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There are two ways to approach the market. You can guess which direction prices will go in next, or you can figure out what businesses and their securities are really worth.
Howard Marks, the subject of our latest "Value Spark" interview, veers toward the latter camp. And the success of Oaktree Capital Management, which he co-founded more than 20 years ago and today has roughly $100 billion in assets under management, is predicated on that.
"As Ben Graham pointed out, the day-to-day market isn't a fundamental analyst; it's a barometer of investor sentiment," Marks noted recently in one of his widely followed memos. "You just can't take it too seriously."
Except that many do. Entire populations of market strategists, fund managers and economists are employed to try and intuit for clients which securities to bet on for the best possible return each year, or quarter.
It's extremely difficult — perhaps futile — to time the market. Meanwhile, investors such as Marks and Warren Buffett are working to prove that's not the case with valuing securities, or identifying good businesses.
It's not easy to do such valuation, which is perhaps why so few do it. "It's Not Easy" was in fact the title of another of Marks' memos last September. Quoting Buffett's partner, Charlie Munger, he wrote of investing: "It's not supposed to be easy. Anyone who finds it easy is stupid."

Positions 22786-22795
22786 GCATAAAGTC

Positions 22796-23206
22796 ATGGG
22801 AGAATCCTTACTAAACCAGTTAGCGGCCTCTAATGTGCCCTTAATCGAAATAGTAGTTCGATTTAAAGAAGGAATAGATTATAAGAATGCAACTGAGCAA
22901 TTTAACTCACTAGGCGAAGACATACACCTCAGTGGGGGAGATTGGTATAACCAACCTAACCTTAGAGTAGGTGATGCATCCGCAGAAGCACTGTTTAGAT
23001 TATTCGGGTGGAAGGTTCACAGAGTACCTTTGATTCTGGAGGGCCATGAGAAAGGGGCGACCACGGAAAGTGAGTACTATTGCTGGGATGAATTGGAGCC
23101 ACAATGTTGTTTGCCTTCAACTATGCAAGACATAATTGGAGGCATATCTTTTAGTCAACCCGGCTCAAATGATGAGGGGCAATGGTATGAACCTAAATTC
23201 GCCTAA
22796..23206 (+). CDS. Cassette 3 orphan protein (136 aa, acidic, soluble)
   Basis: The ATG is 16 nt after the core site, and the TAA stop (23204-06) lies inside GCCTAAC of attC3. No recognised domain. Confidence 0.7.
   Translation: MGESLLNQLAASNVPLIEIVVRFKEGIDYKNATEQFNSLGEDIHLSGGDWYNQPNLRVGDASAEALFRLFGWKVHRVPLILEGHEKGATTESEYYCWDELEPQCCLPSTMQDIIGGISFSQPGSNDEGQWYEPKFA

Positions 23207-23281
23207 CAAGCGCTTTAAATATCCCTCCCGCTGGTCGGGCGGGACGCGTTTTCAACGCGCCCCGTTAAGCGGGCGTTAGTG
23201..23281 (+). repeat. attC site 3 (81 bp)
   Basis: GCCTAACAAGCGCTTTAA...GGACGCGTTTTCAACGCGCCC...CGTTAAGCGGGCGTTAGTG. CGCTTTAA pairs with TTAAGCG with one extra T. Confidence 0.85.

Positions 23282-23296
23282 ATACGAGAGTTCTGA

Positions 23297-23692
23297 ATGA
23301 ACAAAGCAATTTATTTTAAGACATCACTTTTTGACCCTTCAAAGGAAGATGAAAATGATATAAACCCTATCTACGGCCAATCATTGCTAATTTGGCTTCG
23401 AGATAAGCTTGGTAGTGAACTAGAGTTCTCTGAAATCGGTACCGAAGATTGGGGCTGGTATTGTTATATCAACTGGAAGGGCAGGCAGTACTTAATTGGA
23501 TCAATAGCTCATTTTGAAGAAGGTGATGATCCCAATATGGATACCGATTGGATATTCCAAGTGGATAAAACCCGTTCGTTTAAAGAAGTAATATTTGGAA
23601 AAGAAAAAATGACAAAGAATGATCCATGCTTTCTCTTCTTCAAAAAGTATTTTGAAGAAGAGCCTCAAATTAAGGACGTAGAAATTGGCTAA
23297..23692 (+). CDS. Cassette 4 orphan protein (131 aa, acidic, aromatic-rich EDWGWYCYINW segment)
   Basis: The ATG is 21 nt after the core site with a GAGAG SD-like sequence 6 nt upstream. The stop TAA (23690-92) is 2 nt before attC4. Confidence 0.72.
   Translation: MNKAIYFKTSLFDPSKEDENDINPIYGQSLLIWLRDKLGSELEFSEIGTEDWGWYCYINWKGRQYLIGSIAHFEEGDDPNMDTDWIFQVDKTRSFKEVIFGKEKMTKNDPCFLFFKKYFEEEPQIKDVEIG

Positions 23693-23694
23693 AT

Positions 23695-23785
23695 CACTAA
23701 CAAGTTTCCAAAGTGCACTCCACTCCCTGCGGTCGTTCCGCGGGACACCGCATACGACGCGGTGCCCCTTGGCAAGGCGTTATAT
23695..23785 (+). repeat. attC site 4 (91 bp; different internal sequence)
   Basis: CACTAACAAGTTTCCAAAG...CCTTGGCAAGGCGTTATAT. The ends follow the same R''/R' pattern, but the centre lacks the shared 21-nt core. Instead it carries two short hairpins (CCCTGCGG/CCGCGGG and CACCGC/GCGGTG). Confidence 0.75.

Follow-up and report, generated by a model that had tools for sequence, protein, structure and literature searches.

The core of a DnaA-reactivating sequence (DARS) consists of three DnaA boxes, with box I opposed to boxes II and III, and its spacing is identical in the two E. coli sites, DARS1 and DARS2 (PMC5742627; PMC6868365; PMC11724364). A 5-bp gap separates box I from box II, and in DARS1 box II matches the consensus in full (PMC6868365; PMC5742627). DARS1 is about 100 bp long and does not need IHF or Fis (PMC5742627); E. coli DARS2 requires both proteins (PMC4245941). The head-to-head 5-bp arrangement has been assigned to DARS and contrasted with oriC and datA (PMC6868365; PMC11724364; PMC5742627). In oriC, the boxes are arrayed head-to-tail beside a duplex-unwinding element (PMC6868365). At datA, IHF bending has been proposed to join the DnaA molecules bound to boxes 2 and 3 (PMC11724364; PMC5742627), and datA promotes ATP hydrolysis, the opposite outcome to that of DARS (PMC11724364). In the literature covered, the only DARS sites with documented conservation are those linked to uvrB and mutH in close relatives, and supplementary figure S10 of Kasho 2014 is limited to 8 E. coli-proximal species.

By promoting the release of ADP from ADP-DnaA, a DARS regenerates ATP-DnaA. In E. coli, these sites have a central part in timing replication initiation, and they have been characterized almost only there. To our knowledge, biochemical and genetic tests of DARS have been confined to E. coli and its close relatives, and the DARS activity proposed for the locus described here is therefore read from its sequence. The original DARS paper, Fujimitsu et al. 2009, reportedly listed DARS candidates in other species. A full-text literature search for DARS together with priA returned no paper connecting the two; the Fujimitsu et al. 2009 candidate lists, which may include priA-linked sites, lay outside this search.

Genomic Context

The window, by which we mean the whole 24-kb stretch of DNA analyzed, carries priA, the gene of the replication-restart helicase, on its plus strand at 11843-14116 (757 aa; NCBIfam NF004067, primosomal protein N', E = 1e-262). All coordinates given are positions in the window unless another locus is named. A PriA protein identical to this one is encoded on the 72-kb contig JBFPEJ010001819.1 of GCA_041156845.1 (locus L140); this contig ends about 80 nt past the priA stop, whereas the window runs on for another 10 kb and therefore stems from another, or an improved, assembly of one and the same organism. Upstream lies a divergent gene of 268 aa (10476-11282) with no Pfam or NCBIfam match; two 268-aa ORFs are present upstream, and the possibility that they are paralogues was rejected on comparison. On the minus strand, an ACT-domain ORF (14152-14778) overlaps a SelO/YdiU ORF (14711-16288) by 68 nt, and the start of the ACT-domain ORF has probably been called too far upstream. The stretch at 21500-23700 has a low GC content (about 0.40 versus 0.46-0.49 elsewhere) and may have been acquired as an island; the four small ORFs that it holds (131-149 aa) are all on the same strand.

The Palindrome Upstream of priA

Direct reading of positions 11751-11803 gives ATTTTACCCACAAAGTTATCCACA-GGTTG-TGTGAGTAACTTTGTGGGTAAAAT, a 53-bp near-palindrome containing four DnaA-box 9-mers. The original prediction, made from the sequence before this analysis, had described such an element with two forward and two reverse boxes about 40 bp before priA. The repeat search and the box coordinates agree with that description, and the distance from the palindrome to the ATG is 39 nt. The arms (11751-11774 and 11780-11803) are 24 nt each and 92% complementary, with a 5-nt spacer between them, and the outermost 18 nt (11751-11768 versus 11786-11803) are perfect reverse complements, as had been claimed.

He gave Regal Cinemas as a past example. The theater chain had, along with rivals, over-expanded in the 1990s in a chase for profits. "There were too many seats for too few behinds," Marks told us. After Regal went bankrupt, when few investors wanted to go near it, Oaktree got involved.
The firm invested in Regal's distressed debt, and eventually got control of the company. It spent years making operational improvements, and finally took the rehabbed chain public again. "That was one of our greatest successes," Marks said.
Too often, the public can fall into the trap of investing when stock prices are rising, not dropping. For Marks, the opportunities to invest generally dry up the more asset prices rise.
"It takes a special emotional control and a special insight to feel better when they go down," he said, referring to asset prices, "and thus present bargain purchase opportunity."
The sell-off at the start of 2016 was one particular opportunity, he said. Oaktree had a list of "15 or 20 distressed credits" it wanted to buy; "when prices gapped down, we bought all we could," Marks said.
During the crisis of 2008-09, when most people in the market were panicking, Oaktree was investing "half a billion dollars a week."
"The biggest trap in our business is people who respond to short-term performance," Marks said. "We have not changed how we do business," even after Oaktree went public in 2012. "We will not change how we do business."
— By CNBC's Kelly Evans. Follow her on Twitter: